>>> import numpy as np
>>> import modelx as mx
>>> model = mx.read_model("BasicTerm_S")
>>> model.Projection
<UserSpace BasicTerm_S.Projection>
```

### How do I input data into a model?#

To input data into a model, assign it to a name in a space.
The code below assigns 0.03 to `r`

in the `Projection`

space in `model`

.

```
>>> model.Projection.r = 0.03
>>> model.Projection.r
0.03
```

Once `r`

is defined in the `Projection`

space, it can be referenced in formulas in the space.
For example, the code below defines `pv_ann_due`

in `Projection`

, which is a Cells object whose formula references `r`

.

```
>>> @mx.defcells # Define a Cells referencing r
... def pv_ann_due(n):
... return ((1 - (1 + r) ** -n) / r) * (1 + r)
>>> pv_ann_due # Confirm the Cells object is created
<Cells BasicTerm_S.Projection.pv_ann_due(n)>
```

This Cells object calculates the present value of an annuity due:

```
>>> pv_ann_due(10) # Calculate the present value of a 10-year annuity due with a 3% discount rate.
8.78610892187911
>>> model.Projection.r = 0.05 # Change the value of r
>>> pv_ann_due(10) # Recalculate with a 5% discount rate.
8.10782167564406
```

### What types of data can I input?#

You can input any objects that support the *pickle* serialization protocol.
This includes most built-in types like `int`

, `float`

, `str`

, `list`

, `tuple`

, `dict`

, `set`

, etc. Additionally,
most types from standard libraries (e.g., `namedtuple`

, `deque`

, `ChainMap`

from `collections`

)
and popular third-party packages (e.g., `ndarray`

from `numpy`

, `DataFrame`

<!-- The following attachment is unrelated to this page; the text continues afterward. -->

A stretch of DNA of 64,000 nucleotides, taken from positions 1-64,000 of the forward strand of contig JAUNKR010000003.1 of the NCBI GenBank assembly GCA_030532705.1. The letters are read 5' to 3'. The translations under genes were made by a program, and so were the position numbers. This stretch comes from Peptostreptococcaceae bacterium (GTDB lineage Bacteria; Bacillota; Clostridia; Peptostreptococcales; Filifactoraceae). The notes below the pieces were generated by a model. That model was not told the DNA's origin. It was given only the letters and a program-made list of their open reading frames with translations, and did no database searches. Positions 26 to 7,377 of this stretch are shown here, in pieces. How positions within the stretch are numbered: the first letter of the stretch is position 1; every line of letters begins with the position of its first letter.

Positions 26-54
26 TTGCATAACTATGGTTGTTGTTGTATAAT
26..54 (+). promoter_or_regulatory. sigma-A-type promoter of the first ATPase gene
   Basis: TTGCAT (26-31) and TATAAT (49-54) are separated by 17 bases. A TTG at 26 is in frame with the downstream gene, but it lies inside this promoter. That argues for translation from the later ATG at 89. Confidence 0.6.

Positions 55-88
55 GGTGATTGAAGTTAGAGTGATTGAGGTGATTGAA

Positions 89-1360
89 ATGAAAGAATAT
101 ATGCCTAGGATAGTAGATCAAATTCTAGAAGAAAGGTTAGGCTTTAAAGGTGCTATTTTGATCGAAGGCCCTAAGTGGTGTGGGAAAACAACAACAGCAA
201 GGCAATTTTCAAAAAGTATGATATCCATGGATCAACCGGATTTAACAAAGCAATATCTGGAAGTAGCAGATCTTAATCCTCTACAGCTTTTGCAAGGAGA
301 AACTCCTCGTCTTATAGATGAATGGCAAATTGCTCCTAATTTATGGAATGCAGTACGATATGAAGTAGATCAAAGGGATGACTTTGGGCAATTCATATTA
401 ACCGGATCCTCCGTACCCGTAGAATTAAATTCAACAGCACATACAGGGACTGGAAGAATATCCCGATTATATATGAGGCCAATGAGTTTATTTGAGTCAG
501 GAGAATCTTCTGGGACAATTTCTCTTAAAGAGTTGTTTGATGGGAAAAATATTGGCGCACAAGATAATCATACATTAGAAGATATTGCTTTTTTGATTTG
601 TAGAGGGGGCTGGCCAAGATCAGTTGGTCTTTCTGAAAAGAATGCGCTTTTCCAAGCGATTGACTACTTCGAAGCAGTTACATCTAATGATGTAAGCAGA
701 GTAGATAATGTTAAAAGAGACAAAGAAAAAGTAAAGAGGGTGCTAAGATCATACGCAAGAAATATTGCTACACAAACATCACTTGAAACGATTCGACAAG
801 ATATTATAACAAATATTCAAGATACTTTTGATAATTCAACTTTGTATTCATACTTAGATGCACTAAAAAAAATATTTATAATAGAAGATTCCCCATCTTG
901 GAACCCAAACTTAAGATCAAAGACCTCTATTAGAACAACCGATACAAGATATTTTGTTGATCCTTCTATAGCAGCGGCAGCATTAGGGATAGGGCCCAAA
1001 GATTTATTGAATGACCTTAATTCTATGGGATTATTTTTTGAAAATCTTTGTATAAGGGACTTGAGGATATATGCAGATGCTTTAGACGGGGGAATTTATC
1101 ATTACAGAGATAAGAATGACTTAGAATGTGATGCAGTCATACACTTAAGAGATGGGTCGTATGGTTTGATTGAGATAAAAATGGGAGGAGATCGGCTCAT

and `Series`

from `pandas`

) are also supported.

### How is input data saved?#

When a model is saved, objects input in a model are saved in the model. How the objects are saved depends on the types of the objects:

**Primitive Types (**These are saved as text literals in files corresponding to their parent spaces.`bool`

,`int`

,`float`

,`str`

,`NoneType`

):**pandas DataFrame and Series:**If assigned by the assignment statement, these are saved in a binary file named`data.pickle`

within`_data`

in the model directory. If assigned using the`new_pandas`

method, they are saved in Excel or CSV files based on the specified parameters. See this entry for more details.**Other Objects:**These are serialized and stored collectively in`data.pickle`

.

### How do I save input data as Excel or CSV files?#

To save pandas DataFrame and Series objects as Excel or CSV files,
use the `new_pandas`

method.
This method allows for specifying the file format and additional parameters for saving.
Here’s an example showing how to assign a Series to `x`

in the `Projection`

space in `model`

using `new_pandas`

:

```
>>> import pandas as pd
>>> data = pd.Series([0.03, 0.04, 0.05])
>>> data
0 0.03
1 0.04
2 0.05